Web search speed used to be gauged by how many mouse clicks they took. Google just took the click out of the equation.
Thanks to a set of enhancements to its Internet search engine released on Wednesday (and propagating out to the entire net over the next few days), the new Google search engine will predict your query as you type and deliver results simultaneously -- no more clicking for results.
The company claims its Google Instant technology will shave two to five seconds off every web search.
"Our key technical insight was that people type slowly, but read quickly, typically taking 300 milliseconds between keystrokes, but only 30 milliseconds (a tenth of the time!) to glance at another part of the page," the company explained. By presenting results as you enter your search, "you can scan a results page while you type."
But there may be a downside to the enhanced speed. According to Adam Bunn, head of search at independent search and social marketing agency Greenlight, some websites may suffer a drop in traffic thanks to the changes.
Many sites buy advertising space based on long multi-word keywords, he explained, and as people see results that may be appropriate before they finish typing such keywords, those ad dollars may be wasted -- and traffic may suffer.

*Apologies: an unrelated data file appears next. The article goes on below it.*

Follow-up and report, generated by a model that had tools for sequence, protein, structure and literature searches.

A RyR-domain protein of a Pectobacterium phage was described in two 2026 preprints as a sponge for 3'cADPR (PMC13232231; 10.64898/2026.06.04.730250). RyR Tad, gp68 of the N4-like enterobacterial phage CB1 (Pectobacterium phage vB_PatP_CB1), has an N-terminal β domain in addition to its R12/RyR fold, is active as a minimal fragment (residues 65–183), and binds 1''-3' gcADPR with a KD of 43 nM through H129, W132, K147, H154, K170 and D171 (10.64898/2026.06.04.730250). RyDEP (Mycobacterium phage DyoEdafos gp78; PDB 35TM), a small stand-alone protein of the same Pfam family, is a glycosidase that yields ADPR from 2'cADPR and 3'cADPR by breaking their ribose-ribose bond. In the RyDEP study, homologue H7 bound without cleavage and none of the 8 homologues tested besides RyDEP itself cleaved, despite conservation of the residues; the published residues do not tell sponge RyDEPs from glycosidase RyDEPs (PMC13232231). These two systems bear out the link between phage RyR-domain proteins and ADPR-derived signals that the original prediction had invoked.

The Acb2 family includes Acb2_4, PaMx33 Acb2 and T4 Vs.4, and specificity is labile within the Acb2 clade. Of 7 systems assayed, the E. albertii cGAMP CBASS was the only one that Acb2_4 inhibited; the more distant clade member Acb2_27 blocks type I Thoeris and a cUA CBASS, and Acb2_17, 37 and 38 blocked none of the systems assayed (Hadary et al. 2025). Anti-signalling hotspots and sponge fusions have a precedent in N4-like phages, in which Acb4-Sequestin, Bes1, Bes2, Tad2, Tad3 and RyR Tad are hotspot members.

"If a website has optimized for and holds good rankings for 'cheap car insurance UK,' that term may lose search traffic as UK users find that the shorter 'cheap car insurance' returns several relevant looking results, negating the need to finish their sentence," Bunn said.
On the other hand, should less common topics should see even fewer page visits, the cost of buying ads that target those pages may drop, he pointed out.
Google is the world's No.1 search engine, but is facing increased competition from Microsoft Corp's Bing search engine.
New technologies, such as the specialized applications that run on Apple's iPhones and fast-growing social-networking services such as Facebook, are also threatening to undermine Google's position as the main gateway to online information, according to analysts.
Google shares are down roughly 26 percent from their 52-week high of $629.51.
Google said the technology will also be available in many more countries in several weeks.
Reuters contributed to this report.